We tell you five things you need to know this morning.
1. Russia threatens a military response. Sergei Lavrov, Russia’s foreign minister, says Russia will not hesitate to respond to an attack on its “legitimate interests” in Ukraine. In an interview on state broadcaster Russia Today, Lavrov recalled his country’s invasion of Georgia after Georgian troops attacked South Ossetia in 2008. He said an attack on any Russian citizen is an attack on Russia. Vladimir Putin’s definition of “legitimate interests” is now crucial. Occupiers remain entrenched in Ukraine and Kyiv has redeployed troops. The Geneva accord reached before Easter is, apparently, nothing but a memory.
2. The feds will ban infamous DOT-111 rail cars. The Globe and Mail reports that the phase-out of the aging cars, which haul crude oil and are said to be more susceptible to disaster than newer models, is one plank of a broader move to strengthen rail safety based on recommendations made by the Transportation Safety Board. The new rules will also force rail companies to develop emergency response plans.
3. Elizabeth May can’t stand the Prime Minister’s Office. Stephen Harper’s gang has few fans outside of government circles. They’re brash, they’re secretive, they take no prisoners, and they have a lot of energy. But the Green Party’s leader told an April 13 town hall in Nanaimo, B.C. her opinion of the PMO. Her response that she later claimed was made in jest? The PMO comprises a bunch of “ruthless, cutthroat psychopaths” who win at all costs. Ouch.
4. Jason Kenney plays offence and defence. The employment minister is caught between a crackdown on illegal temporary foreign work and a defence of the proliferation of such labourers under his government’s watch. Kenney has come down hard on restaurants that, in recent days, are alleged to have hired foreign workers in place of Canadians willing to do the same jobs. His critics insist the feds have been blind to unchecked growth of TFWs. The Globe and Mail reports that the number of TFWs in “accommodation and food services” has grown 926 per cent since the Tories took power in 2006.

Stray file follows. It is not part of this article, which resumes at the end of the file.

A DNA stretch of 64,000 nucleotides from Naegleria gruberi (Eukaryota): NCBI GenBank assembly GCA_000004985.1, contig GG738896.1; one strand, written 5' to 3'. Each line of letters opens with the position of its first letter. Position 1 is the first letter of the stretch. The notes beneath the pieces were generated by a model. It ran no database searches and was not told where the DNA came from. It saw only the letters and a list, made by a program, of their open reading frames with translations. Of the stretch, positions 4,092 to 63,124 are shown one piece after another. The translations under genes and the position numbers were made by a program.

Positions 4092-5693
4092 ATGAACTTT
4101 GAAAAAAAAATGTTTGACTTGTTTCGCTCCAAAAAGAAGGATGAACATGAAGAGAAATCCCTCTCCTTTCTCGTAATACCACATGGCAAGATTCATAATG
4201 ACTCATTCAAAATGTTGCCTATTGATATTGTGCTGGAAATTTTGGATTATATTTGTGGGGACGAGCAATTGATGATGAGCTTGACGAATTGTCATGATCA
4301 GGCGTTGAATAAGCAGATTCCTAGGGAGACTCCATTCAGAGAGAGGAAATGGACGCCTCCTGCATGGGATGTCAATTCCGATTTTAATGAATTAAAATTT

5. Sherpas walk off the job below Mount Everest. Try to climb the world’s tallest mountain without a sherpa—i.e. a local guide who knows the terrain and the way to the summit—and you won’t get too far. Nepal’s tourism relies heavily on sherpas, which means a recent boycott by the integral guides—which so far includes about half of the group of about 400—could paralyze the upcoming climbing season. The sherpas refuse to climb the mountain after 16 of their colleagues were killed in an avalanche. Three bodies remain buried under snow.